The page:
Jan-07-10  M.D. Wilson: Your appraisal, AnalyzeThis, could not be more accurate! No offense to Nimzo, but Capa owned him OTB. Sure, Nimzo certainly contributed more to chess theory, but practically, where it matters most, Capa beat him silly.
Jan-07-10
Premium Chessgames Member
  AgentRgent: Nimzo goes in for a dubious sacrifice on move 15, yet even so, only a few moves later, he could still have evened things up with 23. g3. Yes, Nimzowitsch lost, but not really any worse than most who faced Capablanca.

Some people just look for any excuse to besmirch the reputation of one of the great masters of Chess.

Jan-07-10  Shams: <Sure, Nimzo certainly contributed more to chess theory>

bold statement given that all rook endgame theory is essentially footnotes to Capablanca.

Jan-07-10  TheFocus: <waustad>< I'm surprised that it is called a KI Attack when no K-side fianchetto happened. It seems more like an Old Indian Reversed, though I don't recall anybody else calling something that.>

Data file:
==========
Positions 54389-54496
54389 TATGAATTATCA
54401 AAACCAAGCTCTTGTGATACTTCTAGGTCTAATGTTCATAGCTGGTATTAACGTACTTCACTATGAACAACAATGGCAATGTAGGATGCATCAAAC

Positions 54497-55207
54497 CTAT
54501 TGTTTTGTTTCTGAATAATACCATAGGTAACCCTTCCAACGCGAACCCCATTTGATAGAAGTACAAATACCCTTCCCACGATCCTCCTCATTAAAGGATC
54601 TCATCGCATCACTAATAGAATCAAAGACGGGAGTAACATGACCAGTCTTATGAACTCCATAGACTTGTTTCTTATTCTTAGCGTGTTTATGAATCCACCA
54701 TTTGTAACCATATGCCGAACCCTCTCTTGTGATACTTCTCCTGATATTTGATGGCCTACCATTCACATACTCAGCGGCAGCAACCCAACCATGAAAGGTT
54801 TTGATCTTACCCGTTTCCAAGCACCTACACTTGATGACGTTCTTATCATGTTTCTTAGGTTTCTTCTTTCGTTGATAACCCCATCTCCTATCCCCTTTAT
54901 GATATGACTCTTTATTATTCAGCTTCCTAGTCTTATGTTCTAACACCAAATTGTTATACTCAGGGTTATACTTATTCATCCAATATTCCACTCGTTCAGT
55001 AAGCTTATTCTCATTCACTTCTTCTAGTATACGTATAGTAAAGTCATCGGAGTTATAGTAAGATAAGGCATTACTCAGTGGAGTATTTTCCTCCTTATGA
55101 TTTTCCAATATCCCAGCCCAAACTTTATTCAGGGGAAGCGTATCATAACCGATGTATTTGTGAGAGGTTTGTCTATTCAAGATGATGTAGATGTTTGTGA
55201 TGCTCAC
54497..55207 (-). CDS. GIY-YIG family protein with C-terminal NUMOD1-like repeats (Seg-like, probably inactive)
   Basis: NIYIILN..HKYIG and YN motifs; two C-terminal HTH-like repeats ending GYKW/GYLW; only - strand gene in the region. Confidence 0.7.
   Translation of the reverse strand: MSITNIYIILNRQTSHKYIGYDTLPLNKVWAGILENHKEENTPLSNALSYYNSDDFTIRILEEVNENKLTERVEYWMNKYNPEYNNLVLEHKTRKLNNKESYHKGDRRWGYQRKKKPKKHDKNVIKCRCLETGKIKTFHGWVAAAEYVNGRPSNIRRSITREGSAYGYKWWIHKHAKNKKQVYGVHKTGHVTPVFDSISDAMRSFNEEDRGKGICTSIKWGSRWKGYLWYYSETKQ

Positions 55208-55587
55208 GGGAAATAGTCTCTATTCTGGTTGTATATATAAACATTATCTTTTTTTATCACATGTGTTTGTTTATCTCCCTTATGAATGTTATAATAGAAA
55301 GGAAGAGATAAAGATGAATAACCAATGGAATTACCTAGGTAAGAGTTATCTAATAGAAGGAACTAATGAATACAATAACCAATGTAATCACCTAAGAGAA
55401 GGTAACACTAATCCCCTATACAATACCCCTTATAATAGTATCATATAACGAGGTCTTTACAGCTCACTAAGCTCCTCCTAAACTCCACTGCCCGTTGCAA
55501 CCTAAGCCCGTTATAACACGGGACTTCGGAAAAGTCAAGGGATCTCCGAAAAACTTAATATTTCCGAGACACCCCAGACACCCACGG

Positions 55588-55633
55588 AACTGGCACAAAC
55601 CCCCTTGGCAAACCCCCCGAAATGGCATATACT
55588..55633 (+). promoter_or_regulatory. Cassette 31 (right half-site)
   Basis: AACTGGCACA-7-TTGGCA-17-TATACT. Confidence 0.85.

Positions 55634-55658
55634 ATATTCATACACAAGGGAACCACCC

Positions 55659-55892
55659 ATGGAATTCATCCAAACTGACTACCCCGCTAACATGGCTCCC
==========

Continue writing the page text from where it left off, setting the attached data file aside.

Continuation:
I have played it several times and it is called the Old Indian Attack. I used to also play the Grunfeld Attack and the King's Indian Attack. Interchangeable with OI Reversed, KI Reversed, etc. Attack sounds better than Reversed, don't you think?

Jan-07-10  AnalyzeThis: There are a multitude of players who think Chess Fundamentals is the best book for learning chess there is.
Jan-08-10
Premium Chessgames Member
  gezafan: Chess Fundamentals is definitely a good book.

Karpov said it was the first chess book he ever read cover to cover. That's a good start!

Capablanca said that Nimzovich's weakness was the endgame, relatively speaking. He proved this over the board.

Nimzovich was, of course, a very good endgame player but not compared to his peers at the top of the chess world.